But chalk dust was already blowing away in the brisk wind on Saturday. So if you want to see the chalk art firsthand, we suggest going sooner rather than later.

“As an urban national park, our goal is to attract new audiences through the art,” said Damien Raffa, Environmental and Outdoor Education Manager for the Presidio Trust. “Whether they come for the art or stumble onto it, they’ll have a moment of appreciation of the artwork and the wildlife it’s celebrating. It may inspire people to look for the birds themselves. It reminds us that there are rewards for paying attention.”


Golden Gate Audubon Society’s Centennial exhibit will be on display through September 29 at the Tides Thoreau Center, 1012 Torney Avenue in the Presidio. It’s free! Stop by during weekday business hours. There is metered parking around the building, or click here for information on public transit to the Presidio, including the free PresidiGo express shuttle from downtown San Francisco.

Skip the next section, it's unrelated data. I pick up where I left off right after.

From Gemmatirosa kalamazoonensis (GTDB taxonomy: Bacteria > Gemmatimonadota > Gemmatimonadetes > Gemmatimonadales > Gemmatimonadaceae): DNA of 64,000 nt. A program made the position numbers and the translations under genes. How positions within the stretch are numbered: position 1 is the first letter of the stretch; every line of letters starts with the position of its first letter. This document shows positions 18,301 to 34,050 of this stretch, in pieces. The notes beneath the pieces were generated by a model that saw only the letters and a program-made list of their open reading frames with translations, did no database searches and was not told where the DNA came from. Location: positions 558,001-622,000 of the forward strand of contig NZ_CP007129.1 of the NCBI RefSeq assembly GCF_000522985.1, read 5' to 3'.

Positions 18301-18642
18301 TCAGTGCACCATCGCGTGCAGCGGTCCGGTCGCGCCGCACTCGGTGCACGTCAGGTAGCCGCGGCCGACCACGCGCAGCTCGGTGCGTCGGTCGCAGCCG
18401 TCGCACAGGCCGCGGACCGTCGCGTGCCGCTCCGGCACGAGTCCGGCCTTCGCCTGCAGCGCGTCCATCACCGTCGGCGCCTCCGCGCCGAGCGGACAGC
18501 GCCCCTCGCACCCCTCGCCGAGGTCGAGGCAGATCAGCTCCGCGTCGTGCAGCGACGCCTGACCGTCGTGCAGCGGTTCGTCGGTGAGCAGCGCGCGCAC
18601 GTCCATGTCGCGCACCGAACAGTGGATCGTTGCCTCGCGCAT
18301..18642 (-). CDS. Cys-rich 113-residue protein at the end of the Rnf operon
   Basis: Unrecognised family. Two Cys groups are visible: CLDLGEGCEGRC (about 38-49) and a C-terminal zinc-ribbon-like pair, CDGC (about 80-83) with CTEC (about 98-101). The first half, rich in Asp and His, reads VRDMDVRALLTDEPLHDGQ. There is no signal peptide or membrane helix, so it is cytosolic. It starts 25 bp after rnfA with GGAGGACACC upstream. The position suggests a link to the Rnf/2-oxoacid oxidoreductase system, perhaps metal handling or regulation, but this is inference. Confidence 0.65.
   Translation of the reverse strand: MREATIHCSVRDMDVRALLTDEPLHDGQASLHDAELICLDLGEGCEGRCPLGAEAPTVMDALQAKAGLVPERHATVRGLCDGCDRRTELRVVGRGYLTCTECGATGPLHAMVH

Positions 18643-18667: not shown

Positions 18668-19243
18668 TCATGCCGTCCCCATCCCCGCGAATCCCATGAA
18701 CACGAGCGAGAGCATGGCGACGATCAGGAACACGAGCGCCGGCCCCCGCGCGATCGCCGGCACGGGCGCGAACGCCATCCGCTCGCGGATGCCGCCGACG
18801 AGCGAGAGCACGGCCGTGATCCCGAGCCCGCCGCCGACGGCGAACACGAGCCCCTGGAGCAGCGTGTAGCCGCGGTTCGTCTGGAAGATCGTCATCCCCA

Lea Zalinskis works on a Downy Woodpecker / Photo by Ilana DeBare

California Scrub Jay by Barbara Alger / Photo by Ilana DeBare

Brown Pelican by Erica Kawata / Photo by Ilana DeBare

Artist Bess Perry chose to create a Black-crowned Night-Heron because she’s from Oakland, home to many of these birds


Can’t view the video? Click here to view it on YouTube.

Tags: bird art, chalk art, GGAS Centennial, GGAS Centennial Exhibit, Golden Gate Audubon Society, Presidio, Presidio birds, Presidio Trust.

Comments

  1. Claudia J Lamb
    July 13th, 2017 at 3:57 AM

    Awesome